Category Archives: Regulatory

Can several wrongs make a right? Gallaher v CMA in the Court of Appeal

When a public body makes a mistake in its treatment of one person, can fairness require it to treat other people in the same way – even if that means amplifying the effects of the mistake?

According to the Court of Appeal in the latest instalment of the tobacco litigation, the answer is yes.  The history of the case is well-known.  The Office of Fair Trading’s decision, that various manufacturers and retailers had committed an infringement in the setting of tobacco prices, collapsed on appeal to the CAT in 2011.  Gallaher and Somerfield, who had entered into early resolution agreements (“ERAs”) with the OFT and therefore decided not to appeal the infringement decision, then sought to appeal out of time.  The Court of Appeal rejected their attempt in 2014, emphasising the importance of finality and legal certainty (see my blog here).

Undeterred, Gallaher and Somerfield pressed on with a different aspect of their case.  They had discovered that another company, TM Retail, had been assured by the OFT when it entered into its ERA in 2008 that, in the event that any other party succeeded on appeal, TM Retail would have the benefit of that appeal.  The OFT’s assurance to TM Retail was based on a mistaken view of the law, since a successful appeal by one addressee of a decision does not normally let non-appellants off the hook.  However, following the successful CAT appeal in 2011, the OFT decided to honour its assurance to TM Retail.  TM Retail’s penalty was repaid (although for reasons which need not detain us the OFT has refrained from calling it a ‘repayment’).  But the OFT also decided that, given that it had not given any similar assurance to Gallaher or Somerfield, it would not repay their penalties.

Gallaher and Somerfield challenged the OFT’s decision on fairness grounds.  The Court of Appeal has now held that the OFT, now the Competition and Markets Authority, is obliged by principles of fairness to treat Gallaher and Somerfield in the same way as it treated TM Retail.  That will mean repaying their penalties, at a cost of something north of £50 million.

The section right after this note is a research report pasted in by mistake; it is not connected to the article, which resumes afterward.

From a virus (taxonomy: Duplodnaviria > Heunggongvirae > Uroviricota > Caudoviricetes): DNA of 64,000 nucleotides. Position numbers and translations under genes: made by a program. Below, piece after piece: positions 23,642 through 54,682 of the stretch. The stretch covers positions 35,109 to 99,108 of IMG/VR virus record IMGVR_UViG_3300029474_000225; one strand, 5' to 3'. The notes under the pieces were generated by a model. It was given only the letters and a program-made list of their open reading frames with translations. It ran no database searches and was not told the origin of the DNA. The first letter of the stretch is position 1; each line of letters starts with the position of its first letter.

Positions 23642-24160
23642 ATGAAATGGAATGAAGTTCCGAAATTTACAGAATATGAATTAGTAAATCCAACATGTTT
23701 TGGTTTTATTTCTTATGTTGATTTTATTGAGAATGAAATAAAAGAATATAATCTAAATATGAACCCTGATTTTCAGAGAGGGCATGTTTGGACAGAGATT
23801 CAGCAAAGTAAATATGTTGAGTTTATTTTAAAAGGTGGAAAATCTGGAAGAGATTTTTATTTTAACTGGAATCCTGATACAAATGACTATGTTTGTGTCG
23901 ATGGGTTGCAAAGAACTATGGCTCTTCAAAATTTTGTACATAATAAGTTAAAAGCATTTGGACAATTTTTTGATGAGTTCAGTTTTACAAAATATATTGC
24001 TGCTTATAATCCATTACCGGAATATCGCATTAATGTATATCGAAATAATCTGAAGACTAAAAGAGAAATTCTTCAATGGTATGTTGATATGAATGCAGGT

The Court of Appeal’s decision recognises that the requirements of fairness will depend on all the circumstances of the case.  The decision is therefore based very heavily on the particular facts of this case.  Of particular importance was the fact that all ERA parties were told that they would be treated equally.  They therefore had a strong expectation of equal treatment.

Nonetheless, the case raises some important questions.

Firstly: what is the significance of detrimental reliance in an equal treatment case?  In cases concerning legitimate expectations, itself a branch of the law of fairness, it is generally the case that a party will not succeed unless he shows that he has suffered some detriment in reliance on the expectation in question.

In this case, Gallaher and Somerfield could not say that the OFT’s assurance to TM Retail was what made them decide not to appeal against the infringement decision.  They didn’t know about the assurance when they chose not to appeal.  The Court of Appeal answers this point by remarking at [44] that:

“the only reason why the appellants could not have claimed that they relied on assurances of the type given to TM Retail was because such assurances had not been given to them …”

But the question is surely not whether Gallaher and Somerfield could “claim” to have relied on assurances: it is whether or not they did in fact rely on such assurances.  They did not.  The absence of such a factor must be relevant to an assessment of what is fair in all the circumstances.

Secondly: what is the significance of the fact that assuring equal treatment will end up costing the public purse a huge amount of money?

The Court does not go into this question in any detail.  It rejects, as a statement of general principle, the contention endorsed by the High Court that a mistake should not be replicated where public funds are concerned.  Instead all depends on the circumstances.  But the Court’s discussion of the circumstances does not consider the significance of the impact on the public purse.

Of course, the point cuts both ways because the heavy impact on the public purse if the penalties are repaid is the mirror-image of the impact of the unequal treatment on Gallaher and Somerfield if the penalties are not repaid.  There is, however, an important question of principle as to how to balance the desirability of ensuring equal treatment, on the one hand, against the unattractiveness of requiring public bodies to magnify their errors at great expense, on the other.  The Court of Appeal explains in detail why the former consideration should weigh heavily in favour of repayment, but it remains unclear whether, or in what circumstances, such factors may be counter-balanced by public expense considerations.

Leave a comment

Filed under Penalties, Procedure, Regulatory